Extragalactic Supernova Project: M65 & M66
Posted: 8 June 2018
Cloudy skies returned on Monday, 4 June 2018. Tuesday, 5 June, had some clouds, as seen in this photo of the near Last Quarter Moon taken at 0853 MST:
While I was outside I took this photo of a lizard:
Cloudy skies continued on Wednesday, 6 June. The sky was mostly clear but hazy on Thursday, 7 June. I attended a meeting of the Oracle Dark Skies Committee that afternoon.
I posted my review of the book "Supernova Search Atlas and Guide" on 6 June. I decided to start a Cassiopeia Observatory Extragalactic Supernova Project using information in this book. Reference (master) images will be posted on my new Extragalactic Supernova Project Astrophotography Album. The book has over 300 target galaxies listed, but I probably will not include that many in my project.
Open: Thursday, 7 June 2018, 1838 MST
Conditions: Clear, hazy, breezy
1844 MST: LX600 ON, StarLock OFF, High Precision OFF.
Viewed Venus, 102X. A nice minimal gibbous phase was visible.
I then began doing some planning for the Cassiopeia Observatory Extragalactic Supernova Project. I decided on the night's target galaxies: NGC3623 (Messier 65) and NGC3627 (Messier 66). I had previously imaged a few other galaxies whose images will be useful as reference (master) images as they were taken with the same equipment (Meade 12" LX600, Nikon D850 DSLR, prime focus). I hope to acquire additional reference images each session. Once I have made a good start on collecting the reference images, I will begin re-imaging galaxies to check for possible supernova discoveries.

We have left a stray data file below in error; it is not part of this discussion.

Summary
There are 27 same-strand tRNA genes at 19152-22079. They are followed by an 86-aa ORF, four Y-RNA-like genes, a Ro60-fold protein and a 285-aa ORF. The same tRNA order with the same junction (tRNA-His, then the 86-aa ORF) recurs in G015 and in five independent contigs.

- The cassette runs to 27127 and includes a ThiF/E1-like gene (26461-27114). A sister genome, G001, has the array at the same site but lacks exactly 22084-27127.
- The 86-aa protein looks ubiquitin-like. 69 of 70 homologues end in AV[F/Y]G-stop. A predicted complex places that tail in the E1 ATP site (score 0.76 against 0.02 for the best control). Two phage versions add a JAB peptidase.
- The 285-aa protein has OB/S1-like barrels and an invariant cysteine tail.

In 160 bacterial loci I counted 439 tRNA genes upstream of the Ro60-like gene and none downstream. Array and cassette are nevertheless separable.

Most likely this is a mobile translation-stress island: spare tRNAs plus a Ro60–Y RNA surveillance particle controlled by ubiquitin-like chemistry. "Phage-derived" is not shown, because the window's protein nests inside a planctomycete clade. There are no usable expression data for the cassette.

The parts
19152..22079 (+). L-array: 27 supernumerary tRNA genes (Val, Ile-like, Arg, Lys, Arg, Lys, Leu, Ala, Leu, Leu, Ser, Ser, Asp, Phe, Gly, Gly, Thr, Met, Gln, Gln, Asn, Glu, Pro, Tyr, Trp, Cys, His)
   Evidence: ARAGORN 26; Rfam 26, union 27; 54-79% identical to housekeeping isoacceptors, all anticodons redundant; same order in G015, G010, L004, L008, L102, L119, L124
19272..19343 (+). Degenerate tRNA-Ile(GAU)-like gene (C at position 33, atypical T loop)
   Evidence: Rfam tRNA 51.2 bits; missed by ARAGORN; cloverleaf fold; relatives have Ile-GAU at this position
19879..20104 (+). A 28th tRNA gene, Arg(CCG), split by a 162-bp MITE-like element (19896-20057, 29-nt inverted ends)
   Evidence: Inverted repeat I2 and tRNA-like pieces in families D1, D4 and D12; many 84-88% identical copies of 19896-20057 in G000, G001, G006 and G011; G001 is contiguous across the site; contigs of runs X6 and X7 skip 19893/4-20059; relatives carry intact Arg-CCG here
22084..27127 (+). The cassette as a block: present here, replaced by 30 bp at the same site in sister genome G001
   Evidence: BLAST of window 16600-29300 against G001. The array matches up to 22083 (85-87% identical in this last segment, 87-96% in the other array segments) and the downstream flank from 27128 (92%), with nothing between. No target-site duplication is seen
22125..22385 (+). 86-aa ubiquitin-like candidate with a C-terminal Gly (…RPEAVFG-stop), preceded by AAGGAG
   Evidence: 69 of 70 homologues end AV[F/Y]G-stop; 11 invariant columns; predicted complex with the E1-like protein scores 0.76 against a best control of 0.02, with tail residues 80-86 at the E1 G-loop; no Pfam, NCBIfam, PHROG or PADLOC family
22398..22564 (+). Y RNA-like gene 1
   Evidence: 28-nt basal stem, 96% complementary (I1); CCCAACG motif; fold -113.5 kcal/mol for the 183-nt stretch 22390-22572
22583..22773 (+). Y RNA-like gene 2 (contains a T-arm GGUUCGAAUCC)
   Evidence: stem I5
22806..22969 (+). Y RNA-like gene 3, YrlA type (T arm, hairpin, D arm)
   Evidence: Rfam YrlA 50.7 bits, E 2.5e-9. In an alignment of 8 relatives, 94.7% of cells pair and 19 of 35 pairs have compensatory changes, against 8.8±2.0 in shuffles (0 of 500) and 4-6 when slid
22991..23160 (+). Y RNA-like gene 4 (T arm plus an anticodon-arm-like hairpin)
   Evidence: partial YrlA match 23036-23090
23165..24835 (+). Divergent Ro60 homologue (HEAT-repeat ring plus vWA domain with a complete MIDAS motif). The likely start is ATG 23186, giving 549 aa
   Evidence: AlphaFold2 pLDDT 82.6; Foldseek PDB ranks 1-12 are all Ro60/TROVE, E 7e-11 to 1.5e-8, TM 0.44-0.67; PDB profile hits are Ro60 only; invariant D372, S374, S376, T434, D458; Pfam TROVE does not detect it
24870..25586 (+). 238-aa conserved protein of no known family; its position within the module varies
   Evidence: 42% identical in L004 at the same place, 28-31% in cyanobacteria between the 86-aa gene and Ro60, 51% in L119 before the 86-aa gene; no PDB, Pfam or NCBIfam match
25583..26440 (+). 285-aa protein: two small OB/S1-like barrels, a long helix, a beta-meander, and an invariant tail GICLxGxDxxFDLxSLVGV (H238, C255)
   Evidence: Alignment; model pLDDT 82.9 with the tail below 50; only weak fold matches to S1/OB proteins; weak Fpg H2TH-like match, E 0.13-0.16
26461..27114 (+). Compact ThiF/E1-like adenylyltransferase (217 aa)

One of the requirements for this project would be repeatable camera frame alignments, with North up and East left. I decided to mark my camera adapters with alignment marks to assist in mounting the camera at the right orientation each session. I mounted the D850 DSLR at prime focus. I used the planet Venus as a guide. I slewed Venus in Right Ascension to the left and right in the camera frame. I adjusted the camera orientation until the movement of Venus in RA was precisely along the horizontal framing marks in the camera viewfinder. I then made small scratch marks on the visual back that aligned with the T-Ring camera mounting dot. I repeated this process with the camera at prime focus + focal reducer. These photos show the marks just above the thumbscrew:
1926 MST: completed the alignment marking. Removed the camera.
1932 MST: sunset. Calm now.
1939 MST: viewed Jupiter, 102X. Three moons were visible.
2009 MST: Kissing Bug #1 terminated.
2018 MST - 2022 MST: watched the Jovian moon Ganymede being eclipsed, 102X.
2030 MST: slewed to the star Denebola and SYNCed the AutoStar. Then viewed the galaxies NGC3623 (Messier 65) and NGC3627 (Messier 66), 102X. Also viewed NGC3628 (Sarah's Galaxy), 102X, but the sky was still a little too bright for a good view.
2045 MST: Kissing Bug #2 terminated.
2048 MST: finally had a good view of NGC3628 (Sarah's Galaxy), 102X.
Mounted the D850 DSLR at prime focus using the alignment mark. Focused on the star Regulus.
2100 MST: Kissing Bug #3 was terminated. This was the last one seen this night.
2105 MST: StarLock ON.
Took the following StarLock autoguided, 5 minutes, ISO 6400, White Balance 4000K, images. North is up and East is left in these full-frame reference images for my Extragalactic Supernova Project:
NGC3623 (Messier 65)
NGC3627 (Messier 66)
2125 MST: StarLock OFF. Seeing was not very steady this night so I'm happy the images turned out as good as they did.
2134 MST: viewed Jupiter, 102X. The Ganymede eclipse was over. Three moons visible.
2136 MST: LX600 OFF.
Close: Thursday, 7 June 2018, 2145 MST
Session Length: 3h 07m|
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